Clapham House Group, the company that owns the Gourmet Burger Kitchen and Real Greek restaurant chains, is set to be bought by its high-street rival Nando's for £30.4m.
The UK arm of the South African group Nando's said yesterday that it was making a 74p-a-share offer for Clapham House, an 8 per cent premium on Thursday's closing share price.
Nando's is owned by private equity group Capricorn Ventures International, which already holds a 27 per cent stake in Clapham House. In July, the group confirmed in a statement to the Stock Exchange that it was in takeover talks after its shares jumped from 56.5p on 23 July to 75.5p a week later.
Aside from the growth in July, Clapham House's shares have struggled over the last 12 months, falling by more than 7 per cent. It is understood that Nando's was the only bidder for the group.
"As macroeconomic weakness has persisted in the UK, the trading environment for restaurant businesses in the UK has been difficult. This is evidenced by Clapham House's volatile weekly trading performance," Nando's said.
"Against an increasingly competitive market, [Nando's] believes significant investment and time are needed to reinvigorate Clapham House's businesses." Nando's plans to fund the deal through cash reserves.
Clapham House's recent financial results have been upbeat, however. Unveiling its preliminary results two months ago, the group said pre-tax profits had increased by 50 per cent, to £1.5m. Despite the improved numbers, the wider restaurant and fast-food sectors have suffered as the economy has only gradually recovered from last year's recession.
A range of economic indicators, published earlier this week, indicated that trading could also be tough in the coming months, as the Coalition Government introduces a range of spending cuts designed to plug the budget deficit.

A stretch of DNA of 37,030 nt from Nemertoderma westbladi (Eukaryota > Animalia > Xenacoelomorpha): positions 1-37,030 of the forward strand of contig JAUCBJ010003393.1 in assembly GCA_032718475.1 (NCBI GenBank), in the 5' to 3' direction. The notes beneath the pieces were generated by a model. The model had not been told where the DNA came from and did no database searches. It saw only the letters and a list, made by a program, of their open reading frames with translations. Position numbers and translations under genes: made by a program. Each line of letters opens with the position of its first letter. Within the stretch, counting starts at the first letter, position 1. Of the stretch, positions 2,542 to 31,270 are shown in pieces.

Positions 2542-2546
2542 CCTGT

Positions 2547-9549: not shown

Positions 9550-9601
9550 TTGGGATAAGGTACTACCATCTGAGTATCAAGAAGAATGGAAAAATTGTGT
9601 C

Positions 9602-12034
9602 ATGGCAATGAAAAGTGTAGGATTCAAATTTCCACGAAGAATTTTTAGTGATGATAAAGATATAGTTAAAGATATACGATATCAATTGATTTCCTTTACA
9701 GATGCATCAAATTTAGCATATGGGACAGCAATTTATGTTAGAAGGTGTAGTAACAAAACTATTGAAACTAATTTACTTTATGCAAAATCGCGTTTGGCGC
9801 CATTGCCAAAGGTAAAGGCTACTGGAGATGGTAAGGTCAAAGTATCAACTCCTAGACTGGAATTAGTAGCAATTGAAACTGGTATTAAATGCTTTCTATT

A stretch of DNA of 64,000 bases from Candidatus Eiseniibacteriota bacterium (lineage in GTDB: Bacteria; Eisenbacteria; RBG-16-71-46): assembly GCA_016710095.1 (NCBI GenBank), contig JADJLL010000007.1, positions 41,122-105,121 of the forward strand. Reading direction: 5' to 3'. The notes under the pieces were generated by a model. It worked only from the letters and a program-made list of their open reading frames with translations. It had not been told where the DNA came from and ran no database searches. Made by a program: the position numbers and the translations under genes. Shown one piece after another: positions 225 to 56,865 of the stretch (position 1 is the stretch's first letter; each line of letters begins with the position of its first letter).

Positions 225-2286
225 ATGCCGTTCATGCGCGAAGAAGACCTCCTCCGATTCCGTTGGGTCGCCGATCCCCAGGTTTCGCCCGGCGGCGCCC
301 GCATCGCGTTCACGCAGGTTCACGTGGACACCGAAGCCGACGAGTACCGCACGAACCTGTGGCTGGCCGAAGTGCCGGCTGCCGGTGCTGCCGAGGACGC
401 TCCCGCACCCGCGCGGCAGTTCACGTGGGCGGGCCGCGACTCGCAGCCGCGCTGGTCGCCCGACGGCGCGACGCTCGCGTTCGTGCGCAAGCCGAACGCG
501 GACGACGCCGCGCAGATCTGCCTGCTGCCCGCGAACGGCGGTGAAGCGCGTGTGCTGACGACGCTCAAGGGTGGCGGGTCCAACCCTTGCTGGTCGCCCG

On Thursday, the Office for National Statistics said that retail sales had fallen by 5 per cent in August, confounding the City which had been expecting increased activity on the high street.
The Nationwide Consumer Confidence Index for August, published on Tuesday, showed that despite next month's government spending review, the mood among consumers is improving. The index rose by 5 points to 61 last month, a similar level to a year ago, but still well below historic averages.
In a statement, Clapham House's directors said they considered the terms of the Nando's offer to be "fair and reasonable" and recommended it to other shareholders. However, some analysts suggested that Capricorn's existing stake helped to restrict the premium.
Nick Batram, of KBC Peel Hunt, suggested that the deal was disappointing for Clapham House shareholders. "The business has lost its way and Capricorn's 27 per cent stake was always going to be a depressing factor in terms of price," he said. Management's 10.7 per cent stake will automatically support the bid.
Others disagreed, pointing out that with little demand for assets in the restaurant sector, the deal was reasonable. "Considering our cautious view on the sector and, in particular, on the relatively speaking lower- margin operators, we think the offer represents reasonable value," said Hugh-Guy Lorriman, an analyst at Seymour Pierce.
Sources close to Clapham House said that an announcement on the deal had been delayed because of management pressing for a higher price. Letters will be sent to shareholders next week, with both groups hoping to finalise the deal by the end of October.